Skip to primary navigation Skip to main content
0 item $0.00

Our experienced credentialled diabetes nurse educators provide education and support for:

  • Understanding a diagnosis of pre-diabetes, type 2 diabetes, type 1 diabetes and gestational diabetes.
  • Diabetes screening and prevention of diabetes complications.
  • Self blood glucose monitoring.
  • Registration with National Diabetes Support Scheme.
  • Commencing new medication for diabetes including oral tablets or injections including insulin therapy.
  • Continuous glucose monitoring (CGM)*.
  • Insulin Pump Therapy.

To book an appointment, please telephone reception (03) 8532 1800.

Appointments are available Monday to Friday, 8.45am–4.15pm.
Please allow 60 minutes for initial appointments and 30 minutes for review appointments.

Referrals from health professionals can be faxed to (03) 8532 1899.

Download the Referral form for dietetics and the Referral form and ambulatory stabilisation form for diabetes nurse education.

Fee structure

Most Education Service appointments are subsidised by Department of Health funding.

Appointment fees start at $10 for people with a health care or pension card and increase to $95 for an initial appointment ($45 for review appointments) according to a person's income level.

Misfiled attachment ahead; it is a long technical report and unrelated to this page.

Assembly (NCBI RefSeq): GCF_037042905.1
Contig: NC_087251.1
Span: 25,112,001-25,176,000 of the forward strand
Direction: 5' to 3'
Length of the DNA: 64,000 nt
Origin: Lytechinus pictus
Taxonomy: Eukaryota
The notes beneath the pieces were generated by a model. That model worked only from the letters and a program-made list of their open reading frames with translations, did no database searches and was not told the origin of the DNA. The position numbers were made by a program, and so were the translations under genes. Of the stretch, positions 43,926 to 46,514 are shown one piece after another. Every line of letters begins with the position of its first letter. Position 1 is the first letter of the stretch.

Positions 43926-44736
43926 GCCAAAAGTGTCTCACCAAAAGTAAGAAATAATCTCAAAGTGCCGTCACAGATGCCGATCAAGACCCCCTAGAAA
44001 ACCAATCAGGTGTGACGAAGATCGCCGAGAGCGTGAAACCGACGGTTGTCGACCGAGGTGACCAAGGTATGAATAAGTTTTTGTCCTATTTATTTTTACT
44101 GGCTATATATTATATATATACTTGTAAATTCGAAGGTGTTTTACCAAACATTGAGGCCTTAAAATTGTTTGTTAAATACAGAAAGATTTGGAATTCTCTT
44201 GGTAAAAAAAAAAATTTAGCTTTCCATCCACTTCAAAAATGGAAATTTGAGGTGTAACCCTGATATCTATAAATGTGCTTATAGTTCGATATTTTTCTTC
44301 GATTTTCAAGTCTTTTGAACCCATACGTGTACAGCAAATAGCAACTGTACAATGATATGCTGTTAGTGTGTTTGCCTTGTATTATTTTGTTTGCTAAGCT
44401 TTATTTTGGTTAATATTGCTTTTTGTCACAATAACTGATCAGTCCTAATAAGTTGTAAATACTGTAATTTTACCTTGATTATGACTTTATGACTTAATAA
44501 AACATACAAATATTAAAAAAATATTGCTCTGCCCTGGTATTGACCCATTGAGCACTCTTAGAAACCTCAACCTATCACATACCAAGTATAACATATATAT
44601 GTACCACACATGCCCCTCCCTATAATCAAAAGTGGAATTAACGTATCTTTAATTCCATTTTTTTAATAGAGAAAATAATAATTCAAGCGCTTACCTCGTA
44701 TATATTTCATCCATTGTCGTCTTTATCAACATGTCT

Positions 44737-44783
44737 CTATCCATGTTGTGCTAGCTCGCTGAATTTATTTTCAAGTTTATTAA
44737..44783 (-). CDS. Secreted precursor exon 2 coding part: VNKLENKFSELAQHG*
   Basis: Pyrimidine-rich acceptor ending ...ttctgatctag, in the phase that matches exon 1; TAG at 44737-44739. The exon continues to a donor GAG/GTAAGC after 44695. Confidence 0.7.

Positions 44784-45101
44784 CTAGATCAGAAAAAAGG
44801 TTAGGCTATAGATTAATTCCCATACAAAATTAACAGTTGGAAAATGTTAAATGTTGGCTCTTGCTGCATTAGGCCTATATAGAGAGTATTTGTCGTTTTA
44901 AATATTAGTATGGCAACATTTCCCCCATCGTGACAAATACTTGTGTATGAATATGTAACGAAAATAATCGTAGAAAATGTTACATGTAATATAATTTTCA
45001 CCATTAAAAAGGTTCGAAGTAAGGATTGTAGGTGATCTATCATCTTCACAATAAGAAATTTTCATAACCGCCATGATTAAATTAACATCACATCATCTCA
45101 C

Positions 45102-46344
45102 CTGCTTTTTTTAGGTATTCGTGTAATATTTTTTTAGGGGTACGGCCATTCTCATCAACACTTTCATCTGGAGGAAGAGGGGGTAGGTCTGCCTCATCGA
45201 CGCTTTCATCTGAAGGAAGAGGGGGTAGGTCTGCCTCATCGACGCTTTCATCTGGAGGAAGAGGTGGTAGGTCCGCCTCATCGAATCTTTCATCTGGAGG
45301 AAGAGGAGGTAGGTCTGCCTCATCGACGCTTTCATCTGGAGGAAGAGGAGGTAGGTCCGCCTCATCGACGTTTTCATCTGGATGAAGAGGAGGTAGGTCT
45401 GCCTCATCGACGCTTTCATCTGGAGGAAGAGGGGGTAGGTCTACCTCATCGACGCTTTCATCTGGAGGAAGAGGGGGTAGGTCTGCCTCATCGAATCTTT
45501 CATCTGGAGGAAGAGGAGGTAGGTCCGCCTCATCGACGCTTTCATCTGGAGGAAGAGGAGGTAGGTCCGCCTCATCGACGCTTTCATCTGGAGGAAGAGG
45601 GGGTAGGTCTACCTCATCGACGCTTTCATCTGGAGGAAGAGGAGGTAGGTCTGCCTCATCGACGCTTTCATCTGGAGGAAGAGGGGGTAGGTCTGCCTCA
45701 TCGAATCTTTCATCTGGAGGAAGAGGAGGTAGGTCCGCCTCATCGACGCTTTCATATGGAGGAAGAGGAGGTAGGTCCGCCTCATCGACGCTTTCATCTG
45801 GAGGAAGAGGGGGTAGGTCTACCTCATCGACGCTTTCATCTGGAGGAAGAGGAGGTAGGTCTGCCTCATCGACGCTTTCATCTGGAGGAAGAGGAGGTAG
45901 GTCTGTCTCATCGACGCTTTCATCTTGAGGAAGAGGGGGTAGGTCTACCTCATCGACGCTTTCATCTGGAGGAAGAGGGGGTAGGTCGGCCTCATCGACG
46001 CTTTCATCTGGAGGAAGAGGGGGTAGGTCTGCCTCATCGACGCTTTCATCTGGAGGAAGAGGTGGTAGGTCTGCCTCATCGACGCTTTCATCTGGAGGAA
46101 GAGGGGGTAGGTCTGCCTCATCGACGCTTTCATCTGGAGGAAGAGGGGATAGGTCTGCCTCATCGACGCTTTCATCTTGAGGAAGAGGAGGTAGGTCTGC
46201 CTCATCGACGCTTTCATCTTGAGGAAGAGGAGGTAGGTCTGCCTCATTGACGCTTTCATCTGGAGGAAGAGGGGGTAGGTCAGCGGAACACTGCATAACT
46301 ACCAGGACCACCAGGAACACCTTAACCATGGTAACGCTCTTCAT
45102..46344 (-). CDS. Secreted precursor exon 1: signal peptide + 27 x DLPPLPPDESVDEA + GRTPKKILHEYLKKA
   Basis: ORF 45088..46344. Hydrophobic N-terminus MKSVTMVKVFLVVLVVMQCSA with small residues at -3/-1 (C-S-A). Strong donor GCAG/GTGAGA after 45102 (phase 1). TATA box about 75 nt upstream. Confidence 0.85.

Download the Education Services brochure for more information.

* The Australian Government is now providing access to fully subsidised continuous glucose monitoring (CGM) products through the NDSS. Subsidised access to these products is open to children and young people aged under 21 years, living with type 1 diabetes, who face significant challenges in managing their blood glucose levels.


Interpreter available on request

Free interpreter available.

More information...


Rights and responsibilities
What are your rights and responsibilities as a client of the Baker Heart and Diabetes Institute's Education Services and what to expect from our service and staff?  More information...

Support us

With the rising number of Australians affected by diabetes, heart disease and stroke, the need for research is more critical than ever.

Find out more